국립중앙박물관 NATIONAL MUSEUM OF KOREA

Highlights
Jagyeongnu Clepsydra of Borugak Pavilion in Gyeongbokgung Palace
  • Culture/Period

    Joseon Dynasty

  • Materials

    Metal - Copper Alloy

  • Dimensions

    ①D. 93.5cm, H. 70.0cm ②D. 46.0cm, H. 40.5cm

  • Designation

    National Treasure 229

  • Accession Number

    Deoksu 6470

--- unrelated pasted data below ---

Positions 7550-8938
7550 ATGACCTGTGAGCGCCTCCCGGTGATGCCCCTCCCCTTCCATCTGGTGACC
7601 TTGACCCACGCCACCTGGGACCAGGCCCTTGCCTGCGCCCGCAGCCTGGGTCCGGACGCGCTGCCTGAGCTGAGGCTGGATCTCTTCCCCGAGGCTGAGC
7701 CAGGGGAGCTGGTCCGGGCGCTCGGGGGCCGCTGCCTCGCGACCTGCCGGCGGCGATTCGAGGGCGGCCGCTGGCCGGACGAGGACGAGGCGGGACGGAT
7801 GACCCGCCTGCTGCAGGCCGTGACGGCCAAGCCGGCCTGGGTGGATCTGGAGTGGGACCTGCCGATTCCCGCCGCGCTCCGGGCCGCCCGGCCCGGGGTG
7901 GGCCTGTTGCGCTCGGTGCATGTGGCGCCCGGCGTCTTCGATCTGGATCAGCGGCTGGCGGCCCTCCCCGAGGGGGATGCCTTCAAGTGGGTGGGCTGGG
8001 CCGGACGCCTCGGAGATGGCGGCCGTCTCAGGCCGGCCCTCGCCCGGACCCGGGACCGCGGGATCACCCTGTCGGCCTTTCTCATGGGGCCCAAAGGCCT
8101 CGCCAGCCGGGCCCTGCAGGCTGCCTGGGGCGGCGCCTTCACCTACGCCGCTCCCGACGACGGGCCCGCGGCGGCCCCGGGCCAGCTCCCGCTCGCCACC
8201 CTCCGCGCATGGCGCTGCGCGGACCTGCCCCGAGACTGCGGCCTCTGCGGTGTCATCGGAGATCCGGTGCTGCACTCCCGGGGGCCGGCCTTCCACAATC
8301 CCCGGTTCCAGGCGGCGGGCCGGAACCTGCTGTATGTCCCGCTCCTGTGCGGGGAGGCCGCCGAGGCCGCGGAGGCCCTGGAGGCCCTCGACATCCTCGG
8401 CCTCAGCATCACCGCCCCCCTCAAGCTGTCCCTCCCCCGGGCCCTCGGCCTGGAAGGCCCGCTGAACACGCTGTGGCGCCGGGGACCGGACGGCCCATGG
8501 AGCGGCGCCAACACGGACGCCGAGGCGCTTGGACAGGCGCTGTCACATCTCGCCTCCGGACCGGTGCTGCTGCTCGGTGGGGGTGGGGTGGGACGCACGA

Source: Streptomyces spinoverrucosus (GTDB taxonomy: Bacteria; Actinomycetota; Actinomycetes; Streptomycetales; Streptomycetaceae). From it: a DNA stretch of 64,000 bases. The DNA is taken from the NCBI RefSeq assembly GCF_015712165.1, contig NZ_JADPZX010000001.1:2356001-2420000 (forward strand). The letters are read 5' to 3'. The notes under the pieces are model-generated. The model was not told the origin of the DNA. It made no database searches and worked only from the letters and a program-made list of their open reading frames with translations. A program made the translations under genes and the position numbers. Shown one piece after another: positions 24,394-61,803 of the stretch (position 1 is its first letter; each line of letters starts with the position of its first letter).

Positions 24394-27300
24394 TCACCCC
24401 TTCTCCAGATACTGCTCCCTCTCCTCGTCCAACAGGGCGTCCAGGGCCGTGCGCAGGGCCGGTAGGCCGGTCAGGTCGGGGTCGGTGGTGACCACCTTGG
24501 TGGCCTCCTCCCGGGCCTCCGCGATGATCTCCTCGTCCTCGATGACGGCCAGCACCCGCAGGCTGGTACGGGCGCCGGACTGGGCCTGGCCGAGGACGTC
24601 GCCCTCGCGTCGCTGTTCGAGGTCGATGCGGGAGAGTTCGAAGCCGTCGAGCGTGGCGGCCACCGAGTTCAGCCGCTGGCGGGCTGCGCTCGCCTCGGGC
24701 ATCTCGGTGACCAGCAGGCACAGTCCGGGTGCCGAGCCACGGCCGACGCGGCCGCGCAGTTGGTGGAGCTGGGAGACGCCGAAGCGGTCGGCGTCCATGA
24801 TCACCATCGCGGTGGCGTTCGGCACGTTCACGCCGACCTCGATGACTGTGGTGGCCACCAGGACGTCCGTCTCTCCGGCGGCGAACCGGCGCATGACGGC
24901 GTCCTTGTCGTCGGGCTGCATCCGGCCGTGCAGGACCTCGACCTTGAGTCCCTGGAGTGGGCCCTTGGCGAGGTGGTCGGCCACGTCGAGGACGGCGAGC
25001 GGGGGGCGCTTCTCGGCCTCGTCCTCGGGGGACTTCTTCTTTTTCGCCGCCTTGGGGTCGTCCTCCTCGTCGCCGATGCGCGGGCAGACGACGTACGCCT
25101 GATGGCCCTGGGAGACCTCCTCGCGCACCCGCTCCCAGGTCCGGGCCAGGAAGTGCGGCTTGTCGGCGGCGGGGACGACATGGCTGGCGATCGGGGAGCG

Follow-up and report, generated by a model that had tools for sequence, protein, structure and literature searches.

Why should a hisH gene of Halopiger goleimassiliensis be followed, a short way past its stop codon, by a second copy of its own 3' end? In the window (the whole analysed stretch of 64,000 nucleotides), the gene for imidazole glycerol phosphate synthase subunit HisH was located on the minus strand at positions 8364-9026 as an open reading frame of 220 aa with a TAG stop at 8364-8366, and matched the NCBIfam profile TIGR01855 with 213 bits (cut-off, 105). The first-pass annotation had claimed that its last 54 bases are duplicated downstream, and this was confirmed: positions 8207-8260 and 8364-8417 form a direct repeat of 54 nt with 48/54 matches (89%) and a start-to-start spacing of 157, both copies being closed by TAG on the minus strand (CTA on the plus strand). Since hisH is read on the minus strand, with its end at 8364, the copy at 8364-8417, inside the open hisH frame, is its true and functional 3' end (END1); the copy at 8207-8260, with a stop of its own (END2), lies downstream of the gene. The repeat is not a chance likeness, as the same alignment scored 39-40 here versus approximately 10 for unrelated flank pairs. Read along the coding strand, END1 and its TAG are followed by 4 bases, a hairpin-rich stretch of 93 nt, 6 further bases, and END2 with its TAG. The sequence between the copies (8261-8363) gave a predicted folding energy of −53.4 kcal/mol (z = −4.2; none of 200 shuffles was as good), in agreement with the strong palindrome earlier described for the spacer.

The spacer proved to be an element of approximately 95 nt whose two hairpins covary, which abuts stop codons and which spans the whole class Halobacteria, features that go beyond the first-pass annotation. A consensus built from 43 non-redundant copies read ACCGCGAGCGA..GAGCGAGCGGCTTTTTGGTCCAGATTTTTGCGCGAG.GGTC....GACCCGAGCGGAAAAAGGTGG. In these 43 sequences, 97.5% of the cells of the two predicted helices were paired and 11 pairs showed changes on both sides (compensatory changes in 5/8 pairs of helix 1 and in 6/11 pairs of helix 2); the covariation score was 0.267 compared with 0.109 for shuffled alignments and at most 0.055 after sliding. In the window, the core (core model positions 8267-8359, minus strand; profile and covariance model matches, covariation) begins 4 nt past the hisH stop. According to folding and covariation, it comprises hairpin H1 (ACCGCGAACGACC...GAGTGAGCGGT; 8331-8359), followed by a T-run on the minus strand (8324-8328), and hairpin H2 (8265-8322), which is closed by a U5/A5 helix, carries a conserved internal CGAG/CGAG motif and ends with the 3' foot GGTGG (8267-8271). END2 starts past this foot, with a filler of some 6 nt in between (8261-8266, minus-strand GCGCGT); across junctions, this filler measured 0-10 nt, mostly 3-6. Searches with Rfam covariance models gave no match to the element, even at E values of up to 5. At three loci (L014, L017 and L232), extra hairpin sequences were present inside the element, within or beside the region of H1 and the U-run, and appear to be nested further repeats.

A clepsydra is a device designed to measure time by observing a flow of water, and was used as a standard timepiece for the state starting in the Three Kingdoms period. One of the first unique mechanisms developed in Korea appeared in 1434 (the 16th year of the reign of King Sejong of the Joseon Dynasty) when Jang Yeong-sil made a device comprised of bells, gongs and drums to automatically tell the time. The clock did not last long, however. Another novel water clock in 1536 (the 31st year of the reign of King Jungjong), some of whose parts have survived to the present day. While the Korean clepsydra appeared later than the Ming device currently preserved in Guangdong Province, China, its size and elaborate crafting have led to its being regarded as a more valuable cultural artifact.